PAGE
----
Stephonee Brain Meats

Where the thinking thoughts go

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The Eloquence of Dust

MJW: One of the things which struck me-— which is strange-— but the dust scenes. The dust scenes at 221B when Mrs. Hudson opens the windows for the first time and then the dust in the library [in The Tractate Middoth]. Is that a trope that’s part of your bag of tricks? How did you approach the scenes differently? Because they’re very, very different kinds of moods.

SL: Some DPs use a lot of atmos, a lot of smoke in the air so you see the shafts of light. I use it now and again. I tend to think of it as a bit theatrical a lot of the time. Obviously the point in Sherlock is that the room has been trapped for two years so you’re opening it up and it’s dusty. I am kind of fascinated by dust and the way it reacts with the light. I’ve spent some time shooting dust at high speed just on macros like dust particles floating around. You can watch them for hours. It’s like watching water moving around and it’s got such an organic motion to it. And again it’s that kind of detail that if you walked into that room for real, if it was a real room and the sun was really coming through and you moved the curtains and the dust then moved up into the air, the motes…you probably would look at them and you’d be noticing the fact that this dust is moving around.  On Tractate it was an idea that it was this… how do you tell that there is this thing there? How do you create this idea that there is this ethereal being there. You know, let’s chuck a load of dust in the air. (laughs)

MJW: (laughing) It worked!

SL: Yeah! You’re experimenting but it’s like his [William Garrett, the lead character’s] friend says (in Tractate) “trick of the light.” This idea that something is different and there’s a smell. There’s a texture and it’s adding that something else that you can’t… I mean quite often a director will say to me “I want to make it feel different. How do I make it feel different?” And you go well we could shoot it from a different way, we could change the lighting, we do do this but quite often they’re drastic changes. Ideally what I try and look for is subtle changes that make the audience go-— there’s something different here. Obviously on something like Tractate you play up with it and you make a big deal of it. Again it’s just trying to tell the story, trying to tell the story visually, or helping tell the story visually.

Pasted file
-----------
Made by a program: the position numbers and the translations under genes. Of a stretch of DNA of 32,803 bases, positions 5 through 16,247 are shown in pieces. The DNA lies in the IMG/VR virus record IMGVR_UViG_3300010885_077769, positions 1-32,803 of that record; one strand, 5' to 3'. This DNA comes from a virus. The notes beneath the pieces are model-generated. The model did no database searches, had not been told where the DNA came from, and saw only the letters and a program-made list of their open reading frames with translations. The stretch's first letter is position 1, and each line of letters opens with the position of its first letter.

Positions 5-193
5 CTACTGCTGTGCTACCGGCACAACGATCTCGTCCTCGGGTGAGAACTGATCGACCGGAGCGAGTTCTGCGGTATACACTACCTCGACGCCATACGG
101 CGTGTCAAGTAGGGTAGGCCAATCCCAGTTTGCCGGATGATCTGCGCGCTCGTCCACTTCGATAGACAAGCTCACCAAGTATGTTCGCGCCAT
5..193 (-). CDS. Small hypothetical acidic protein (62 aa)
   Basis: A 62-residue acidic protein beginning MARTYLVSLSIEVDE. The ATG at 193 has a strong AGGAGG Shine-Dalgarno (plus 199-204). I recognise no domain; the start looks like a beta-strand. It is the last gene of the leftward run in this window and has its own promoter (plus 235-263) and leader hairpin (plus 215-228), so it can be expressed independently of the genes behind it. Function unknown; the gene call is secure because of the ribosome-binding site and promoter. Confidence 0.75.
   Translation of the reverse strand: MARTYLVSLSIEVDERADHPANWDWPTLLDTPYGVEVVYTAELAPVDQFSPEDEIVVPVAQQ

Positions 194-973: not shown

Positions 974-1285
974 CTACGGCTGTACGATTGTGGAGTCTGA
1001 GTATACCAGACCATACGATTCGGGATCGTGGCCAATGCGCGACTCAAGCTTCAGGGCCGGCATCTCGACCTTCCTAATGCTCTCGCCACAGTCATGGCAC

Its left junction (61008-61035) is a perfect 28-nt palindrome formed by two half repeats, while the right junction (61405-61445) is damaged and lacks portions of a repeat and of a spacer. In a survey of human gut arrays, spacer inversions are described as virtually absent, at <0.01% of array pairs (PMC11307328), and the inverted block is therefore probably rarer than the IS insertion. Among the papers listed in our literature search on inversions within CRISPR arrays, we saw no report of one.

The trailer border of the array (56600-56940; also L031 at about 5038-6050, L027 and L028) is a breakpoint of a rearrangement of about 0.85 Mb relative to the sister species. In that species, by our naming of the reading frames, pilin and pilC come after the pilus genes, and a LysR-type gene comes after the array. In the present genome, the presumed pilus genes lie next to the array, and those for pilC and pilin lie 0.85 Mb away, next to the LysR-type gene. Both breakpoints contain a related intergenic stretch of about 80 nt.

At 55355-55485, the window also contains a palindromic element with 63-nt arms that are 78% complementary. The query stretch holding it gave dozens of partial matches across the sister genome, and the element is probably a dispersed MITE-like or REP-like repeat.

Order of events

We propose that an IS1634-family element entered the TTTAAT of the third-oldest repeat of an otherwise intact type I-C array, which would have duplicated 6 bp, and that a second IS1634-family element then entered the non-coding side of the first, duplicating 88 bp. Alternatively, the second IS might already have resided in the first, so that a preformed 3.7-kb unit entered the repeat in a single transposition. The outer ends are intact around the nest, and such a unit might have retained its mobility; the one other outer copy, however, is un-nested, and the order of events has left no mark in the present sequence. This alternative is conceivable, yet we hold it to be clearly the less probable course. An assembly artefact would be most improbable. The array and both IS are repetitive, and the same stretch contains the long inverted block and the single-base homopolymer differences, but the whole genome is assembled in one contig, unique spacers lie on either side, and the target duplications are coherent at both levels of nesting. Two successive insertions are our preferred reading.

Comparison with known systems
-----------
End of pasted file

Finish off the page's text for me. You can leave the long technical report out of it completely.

-Steve Lawes, Director of Photography for Sherlock’s The Empty Hearse and The Tractate Middoth (x)

(via dduane)

Filed under Sherlock film school cinematography

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Liberal bullying: Privilege-checking and semantics-scolding as internet sport

So, I haven’t come back to tumblr yet. Though my original reason for leaving was to avoid Frozen and Sherlock spoilers, and I have long since seen both of those, there is something else that has been bothering me about what was popping up in my tumblr dashboard. It was less frequent than spoilers, but more disturbing to me.

I’m sure this linked post made its rounds on tumblr long ago - after all, it was written in late 2012. But I just found it myself, and it so very succinctly summed up what had been bothering me and keeping me away from tumblr. I won’t quote the relevant parts here, because that would mean quoting pretty much the entire thing. It’s worth the read.

I will, however, quote the bit at the end, the “action items,” so to speak, that Ariel suggests (which highly mirror my own thoughts on what I post to social media and in comments on blogs/social media since seeing the “bloodshed” of the 2012 election and marriage equality debates):

For those of you who like to fight the good fight for social justice and language sensitivity online, before writing that Tumblr missive or firing off that privilege-checking comment, I’d love to encourage you to take a moment to ask yourself these questions:

  • Am I living my values with this exchange? If my goal is tolerance and sensitivity, am I embodying both those values in this conversation?